By Corinne Murdock |
A Senate bill banning males from female sports teams advanced out of the House Judiciary Committee on Wednesday, passing along party lines. The legislation would apply to both private and public K-12 schools, colleges, and universities.
The legislation prohibits political groups, licensing organizations, and athletic associations from investigating or taking action against schools for adhering to the bill provisions. Conversely, a school would bear civil liability for any deprivation of athletic opportunity, or causing direct or indirect harm by ignoring the legislation. Students would be entitled to take a private cause of action and could earn damages and relief.
The bill sponsor, State Senator Nancy Barto (R-Phoenix), said that the bill was based on scientific fact to ensure that girls have a “fair, level playing field.” Barto said that the threat of biological males identifying as females undermined Title IX.
Barto cited data from Save Women’s Sports, a coalition to prevent males from competing in female sports, documenting the males competing in female sports. Barto also cited the case of Lia Thomas, the transgender woman on the Penn State University women’s swim team.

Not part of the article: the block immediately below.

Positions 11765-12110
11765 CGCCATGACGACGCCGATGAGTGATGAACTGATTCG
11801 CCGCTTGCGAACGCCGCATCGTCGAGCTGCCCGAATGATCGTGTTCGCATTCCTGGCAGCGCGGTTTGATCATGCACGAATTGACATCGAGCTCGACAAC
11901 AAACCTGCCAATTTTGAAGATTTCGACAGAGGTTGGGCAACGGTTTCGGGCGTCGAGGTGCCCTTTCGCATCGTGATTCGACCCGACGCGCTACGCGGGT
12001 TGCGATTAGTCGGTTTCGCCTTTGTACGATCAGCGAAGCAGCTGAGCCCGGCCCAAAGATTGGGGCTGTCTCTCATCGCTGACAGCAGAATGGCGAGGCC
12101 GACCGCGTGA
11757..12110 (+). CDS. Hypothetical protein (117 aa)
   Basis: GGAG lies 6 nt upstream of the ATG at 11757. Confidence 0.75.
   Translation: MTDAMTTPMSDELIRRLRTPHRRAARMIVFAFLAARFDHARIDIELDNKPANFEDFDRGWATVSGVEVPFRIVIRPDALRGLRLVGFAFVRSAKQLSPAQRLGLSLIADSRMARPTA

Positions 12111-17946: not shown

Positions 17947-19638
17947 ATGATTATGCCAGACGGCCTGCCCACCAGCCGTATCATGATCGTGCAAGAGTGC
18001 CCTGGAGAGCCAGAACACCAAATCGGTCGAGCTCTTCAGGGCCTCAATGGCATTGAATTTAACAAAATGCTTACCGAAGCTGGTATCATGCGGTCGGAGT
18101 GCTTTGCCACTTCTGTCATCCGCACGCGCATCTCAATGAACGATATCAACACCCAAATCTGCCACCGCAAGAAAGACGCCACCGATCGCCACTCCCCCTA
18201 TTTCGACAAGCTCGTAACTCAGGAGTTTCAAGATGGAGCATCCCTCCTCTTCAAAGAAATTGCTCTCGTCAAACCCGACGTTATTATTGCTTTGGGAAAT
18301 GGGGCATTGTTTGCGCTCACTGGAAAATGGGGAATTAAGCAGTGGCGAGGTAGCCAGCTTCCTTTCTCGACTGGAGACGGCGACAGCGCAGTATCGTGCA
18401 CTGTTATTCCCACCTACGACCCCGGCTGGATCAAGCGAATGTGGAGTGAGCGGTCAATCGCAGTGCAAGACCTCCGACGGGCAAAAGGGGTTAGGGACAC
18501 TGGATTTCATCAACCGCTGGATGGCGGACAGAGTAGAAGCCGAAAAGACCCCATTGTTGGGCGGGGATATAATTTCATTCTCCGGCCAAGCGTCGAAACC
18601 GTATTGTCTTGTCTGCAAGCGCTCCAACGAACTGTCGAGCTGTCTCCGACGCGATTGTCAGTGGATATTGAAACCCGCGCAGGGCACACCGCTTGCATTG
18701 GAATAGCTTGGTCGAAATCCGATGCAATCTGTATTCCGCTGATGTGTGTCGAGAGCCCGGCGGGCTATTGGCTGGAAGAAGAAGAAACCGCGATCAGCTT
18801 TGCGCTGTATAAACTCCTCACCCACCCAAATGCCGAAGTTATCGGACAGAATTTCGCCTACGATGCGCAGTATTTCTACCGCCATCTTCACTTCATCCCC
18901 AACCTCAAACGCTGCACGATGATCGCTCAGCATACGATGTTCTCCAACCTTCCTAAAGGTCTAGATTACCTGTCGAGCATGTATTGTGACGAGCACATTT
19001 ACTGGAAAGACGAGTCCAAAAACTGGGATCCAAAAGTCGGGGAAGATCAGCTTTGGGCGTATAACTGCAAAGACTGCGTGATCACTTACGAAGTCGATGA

“I’ve had my childhood ripped away from me by legislators for seven years and I’m sick of fighting for human rights, but I won’t stop until I know that me and all my transgender friends are safe,” said Morrison. “These anti-trans sports bills are unscientific and cause a real mental health issue for the people they would affect.”
Morrison claimed that testosterone doesn’t give biological males an athletic edge, and that females could still win in competition against their male peers.
The Arizona Interscholastic Association revealed that they have received 16 appeals for transgender athletes and only denied one.
Minority Whip Domingo DeGrazia (D-Tucson) claimed that the bill solved something that wasn’t an issue.
“If a youth loses an opportunity for something either to be in competition or that they lose a competition or that they don’t get a sponsorship or that they don’t get to be an influencer of TikTok; if that’s their indirect harm, how do you attribute that to sports to an opposing player?” asked DeGrazia.
After the committee approved the bill, Superintendent of Public Instruction Kathy Hoffman claimed that the bill would harm all student athletes — even those females whose opportunities and possibly safety that the bill promised to protect.